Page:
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Alfalfa weevil forecasting - June 2024

 Anthony Hanson (, Extension IPM Regional Educator - Field Crops

Since the previous mid-May Minnesota Crop News post detailing tools available for 2024 alfalfa weevil management, multiple calls have come in showing just how difficult of a season this has been alfalfa growers dealing with this pest. The end of weevil season should be in sight for most growers possibly this week, though scouting should continue through June. Forecasting the timing of pest development (i.e., phenology) is a key tool for an integrated pest management (IPM) plan for alfalfa weevil.

Temperature-based forecasts of alfalfa weevil development are based on degree-days for the eastern strain. As of June 13, 2024, at least according to the forecast model, larvae should cease feeding and develop into pupae across central Minnesota at 595 Fahrenheit alfalfa weevil degree-days (Fig. 1).

Figure 1. Forecast alfalfa weevil development as of June 13, 2024 based on observed daily high and low temperature. Click on the image for higher resolution. Scouting can end once larvae have developed into pupae that are no longer feeding. Updated maps available at:

After scouting this week in Stearns and Pope counties in unsprayed fields that had not yet had their first cutting, it's wasn't uncommon to find fields that had obvious leaf feeding from alfalfa weevil, but no larvae to be found when they had been present the previous week. In those cases where fields were near treatment thresholds, growers benefited by not needing to spend money on insecticide treatments this year. Insecticides were also very much warranted in many fields across the state that did have larger weevil populations, so this underscores the importance of both monitoring pest population sizes and keeping timing in mind as well.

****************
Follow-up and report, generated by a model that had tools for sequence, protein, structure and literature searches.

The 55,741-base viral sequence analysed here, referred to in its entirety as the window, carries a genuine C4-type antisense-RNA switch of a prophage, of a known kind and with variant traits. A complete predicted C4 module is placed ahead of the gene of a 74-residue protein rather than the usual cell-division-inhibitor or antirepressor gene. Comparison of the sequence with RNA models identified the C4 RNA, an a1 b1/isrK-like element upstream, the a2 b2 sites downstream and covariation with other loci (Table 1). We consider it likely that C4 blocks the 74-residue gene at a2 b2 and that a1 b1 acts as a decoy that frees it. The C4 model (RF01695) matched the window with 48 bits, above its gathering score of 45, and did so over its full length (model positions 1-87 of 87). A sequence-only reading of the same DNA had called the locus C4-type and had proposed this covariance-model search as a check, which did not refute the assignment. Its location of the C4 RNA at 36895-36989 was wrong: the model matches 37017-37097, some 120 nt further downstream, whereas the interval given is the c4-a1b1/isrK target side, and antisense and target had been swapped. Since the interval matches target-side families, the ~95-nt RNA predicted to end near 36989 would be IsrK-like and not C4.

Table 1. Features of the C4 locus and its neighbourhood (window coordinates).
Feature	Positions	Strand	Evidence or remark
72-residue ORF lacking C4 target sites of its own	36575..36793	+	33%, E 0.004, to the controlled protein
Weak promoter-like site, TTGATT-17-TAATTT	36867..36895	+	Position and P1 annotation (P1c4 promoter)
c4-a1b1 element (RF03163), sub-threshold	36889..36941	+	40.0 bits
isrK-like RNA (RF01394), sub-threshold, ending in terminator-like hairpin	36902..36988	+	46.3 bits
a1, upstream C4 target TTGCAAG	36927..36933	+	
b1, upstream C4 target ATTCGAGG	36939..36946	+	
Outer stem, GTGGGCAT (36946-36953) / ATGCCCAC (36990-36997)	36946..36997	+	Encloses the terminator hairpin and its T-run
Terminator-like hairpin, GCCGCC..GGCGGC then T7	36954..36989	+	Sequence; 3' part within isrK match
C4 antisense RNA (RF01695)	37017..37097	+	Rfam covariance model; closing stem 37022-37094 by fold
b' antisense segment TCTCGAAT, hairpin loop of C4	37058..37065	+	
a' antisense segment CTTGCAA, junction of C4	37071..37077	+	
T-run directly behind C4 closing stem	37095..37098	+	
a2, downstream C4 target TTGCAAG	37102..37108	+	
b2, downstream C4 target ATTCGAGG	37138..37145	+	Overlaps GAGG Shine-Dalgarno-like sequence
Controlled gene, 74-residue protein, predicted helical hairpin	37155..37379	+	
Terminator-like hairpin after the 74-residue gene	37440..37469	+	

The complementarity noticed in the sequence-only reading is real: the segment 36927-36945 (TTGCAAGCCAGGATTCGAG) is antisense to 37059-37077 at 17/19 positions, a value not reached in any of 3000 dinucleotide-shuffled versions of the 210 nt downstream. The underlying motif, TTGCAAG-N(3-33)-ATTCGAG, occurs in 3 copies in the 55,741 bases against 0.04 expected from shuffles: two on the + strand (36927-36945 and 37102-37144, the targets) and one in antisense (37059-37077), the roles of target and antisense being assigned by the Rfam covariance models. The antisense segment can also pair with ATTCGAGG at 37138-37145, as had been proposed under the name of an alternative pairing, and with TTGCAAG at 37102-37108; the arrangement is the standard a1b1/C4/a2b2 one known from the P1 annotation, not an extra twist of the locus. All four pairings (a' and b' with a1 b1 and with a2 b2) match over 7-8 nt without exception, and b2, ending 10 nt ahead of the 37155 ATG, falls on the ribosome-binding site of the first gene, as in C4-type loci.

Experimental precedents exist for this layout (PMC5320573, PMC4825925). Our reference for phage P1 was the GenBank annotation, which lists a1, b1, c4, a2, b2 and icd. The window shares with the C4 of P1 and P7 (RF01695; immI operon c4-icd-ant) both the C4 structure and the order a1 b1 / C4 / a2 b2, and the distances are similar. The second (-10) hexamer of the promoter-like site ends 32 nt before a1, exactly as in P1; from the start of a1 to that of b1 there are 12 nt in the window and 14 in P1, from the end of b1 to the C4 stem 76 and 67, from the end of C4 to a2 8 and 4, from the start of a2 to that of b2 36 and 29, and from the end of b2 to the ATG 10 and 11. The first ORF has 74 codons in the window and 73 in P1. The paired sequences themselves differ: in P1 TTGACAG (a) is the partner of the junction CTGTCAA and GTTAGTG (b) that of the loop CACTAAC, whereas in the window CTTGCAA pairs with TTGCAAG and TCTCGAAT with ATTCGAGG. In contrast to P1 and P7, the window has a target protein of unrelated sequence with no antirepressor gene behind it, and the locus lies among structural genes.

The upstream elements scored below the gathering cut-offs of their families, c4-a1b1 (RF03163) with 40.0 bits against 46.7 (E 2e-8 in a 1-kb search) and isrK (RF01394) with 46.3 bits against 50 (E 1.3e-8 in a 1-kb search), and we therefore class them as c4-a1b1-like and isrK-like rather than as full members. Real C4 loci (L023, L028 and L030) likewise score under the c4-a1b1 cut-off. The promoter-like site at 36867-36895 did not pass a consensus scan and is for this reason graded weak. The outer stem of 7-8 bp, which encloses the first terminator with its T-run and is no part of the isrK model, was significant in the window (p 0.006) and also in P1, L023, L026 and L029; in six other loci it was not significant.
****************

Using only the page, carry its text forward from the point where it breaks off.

Using the six-day temperature forecast, it looks like the eastern strain should be done feeding in the Red River Valley area and north of Otter Tail, Wadena, and Pine counties by mid-week next week (Fig. 2).

Figure 2. Forecast alfalfa weevil development for up to June 19, 2024 based on observed daily high and low temperature and the 6-day temperature forecast. Click on the image for higher resolution. Updated maps available at:

The caveat with any forecast model is that they are not meant to be perfect, and you will often find exceptions to overall predictions each year, especially as you look across an entire state or region. In this case, the potential presence of the western strain of alfalfa weevil could throw off predictions in these maps. As mentioned in the previous article, this strain tends to have delayed development of about one to two weeks behind the eastern strain. Its range in Minnesota is unknown, but was present along the Minnesota and Dakota borders in its westward move in 1998. This means that while alfalfa weevil populations should start to be on the decline, farmers should still be scouting their alfalfa through the end of June in case they do find threshold levels of feeding larvae.

On a welcome note, the warm wet spring may also be helping with weevil management in some fields this year. These conditions are ideal for a fungal disease of alfalfa weevil caused by Zoophthora phytonomi (Fig. 3). These diseases along with parasitoid wasps that attack alfalfa weevil are examples of biological control, another important tool in the IPM toolbox. The success of pathogens is much more based on ideal environmental conditions, but if insecticides aren't needed this year in a given field, this may help maintain parasitoid wasp populations that can help keep weevil populations under threshold levels in future years.

Figure 3. Alfalfa weevil collected near Stillwater. Some larvae in the center of the picture appear black, which may be due to the pathogen Zoophthora phytonomi. Photo: Glen Borgerding.

For more information on alfalfa insect management and how to determine if insecticide application is warranted for other pests such as potato leafhopper, visit:


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